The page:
Neither the Conservatives nor Labour are offering “credible” spending plans ahead of the election, an influential research group has said.
The Institute for Fiscal Studies said it was “highly likely” the Tories would end up spending more than their manifesto pledges.
Labour, it warned, would be unable to deliver its spending increases as it has promised.
Neither was being “honest” with voters, director Paul Johnson said.
He said that the Conservatives were continuing to “pretend that tax rises will never be needed to secure decent public services”.
Labour, he added, “pretends that huge increases in spending can be financed by just big companies and the rich”.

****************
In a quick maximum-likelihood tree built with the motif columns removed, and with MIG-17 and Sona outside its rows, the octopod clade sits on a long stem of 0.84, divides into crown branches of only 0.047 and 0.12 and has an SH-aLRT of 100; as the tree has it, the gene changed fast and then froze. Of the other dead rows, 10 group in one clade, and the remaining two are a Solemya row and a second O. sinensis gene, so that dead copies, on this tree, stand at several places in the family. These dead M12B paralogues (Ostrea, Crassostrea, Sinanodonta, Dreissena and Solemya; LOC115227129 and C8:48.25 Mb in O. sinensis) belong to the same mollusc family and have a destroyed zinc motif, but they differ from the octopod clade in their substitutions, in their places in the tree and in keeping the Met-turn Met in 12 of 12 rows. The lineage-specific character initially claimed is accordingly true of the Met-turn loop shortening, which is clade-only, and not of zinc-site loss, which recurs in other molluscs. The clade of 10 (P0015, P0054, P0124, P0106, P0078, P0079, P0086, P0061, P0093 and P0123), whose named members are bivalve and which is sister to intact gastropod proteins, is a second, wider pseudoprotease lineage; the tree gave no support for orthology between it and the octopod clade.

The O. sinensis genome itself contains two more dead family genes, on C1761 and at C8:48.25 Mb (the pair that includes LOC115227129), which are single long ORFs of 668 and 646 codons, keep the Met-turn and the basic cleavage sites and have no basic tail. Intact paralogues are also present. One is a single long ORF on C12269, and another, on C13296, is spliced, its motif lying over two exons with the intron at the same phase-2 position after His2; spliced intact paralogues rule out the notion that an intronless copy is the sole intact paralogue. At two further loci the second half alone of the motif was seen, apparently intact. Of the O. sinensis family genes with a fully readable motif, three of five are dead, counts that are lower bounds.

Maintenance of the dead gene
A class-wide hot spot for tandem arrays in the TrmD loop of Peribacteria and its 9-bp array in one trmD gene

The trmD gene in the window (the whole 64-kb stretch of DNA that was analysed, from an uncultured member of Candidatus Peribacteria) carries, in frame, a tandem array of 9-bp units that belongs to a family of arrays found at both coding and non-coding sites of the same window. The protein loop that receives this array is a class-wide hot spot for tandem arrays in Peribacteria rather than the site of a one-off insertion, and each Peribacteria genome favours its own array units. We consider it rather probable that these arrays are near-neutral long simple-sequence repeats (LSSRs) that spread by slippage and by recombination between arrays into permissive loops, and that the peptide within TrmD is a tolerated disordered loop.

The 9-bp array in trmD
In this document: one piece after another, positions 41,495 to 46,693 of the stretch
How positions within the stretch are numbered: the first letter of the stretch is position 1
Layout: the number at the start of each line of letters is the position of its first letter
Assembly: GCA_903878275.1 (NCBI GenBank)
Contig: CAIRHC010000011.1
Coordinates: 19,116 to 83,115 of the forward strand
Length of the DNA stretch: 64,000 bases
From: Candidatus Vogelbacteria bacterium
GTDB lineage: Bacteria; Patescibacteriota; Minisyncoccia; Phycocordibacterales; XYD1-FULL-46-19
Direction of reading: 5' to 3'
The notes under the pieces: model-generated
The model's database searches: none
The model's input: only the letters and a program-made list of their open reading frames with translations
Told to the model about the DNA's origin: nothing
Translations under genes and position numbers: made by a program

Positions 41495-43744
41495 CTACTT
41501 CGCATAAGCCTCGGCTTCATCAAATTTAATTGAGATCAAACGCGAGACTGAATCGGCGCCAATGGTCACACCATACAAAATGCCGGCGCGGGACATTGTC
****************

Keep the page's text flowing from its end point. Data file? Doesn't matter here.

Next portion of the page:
It is “highly likely” that Labour would need to raise taxes beyond what it is promising to pay for its proposed £80bn a year in extra spending, he said.
“In reality, a change in the scale and the scope of the state that they propose would require more broad-based tax increases at some point.”
He criticised a Tory pledge not to raise income tax, national insurance or VAT over the next five years as “ill advised”, adding the government would “regret” it.
He also added that the party had “failed to come up with any kind of plan or any kind of money” for social care services.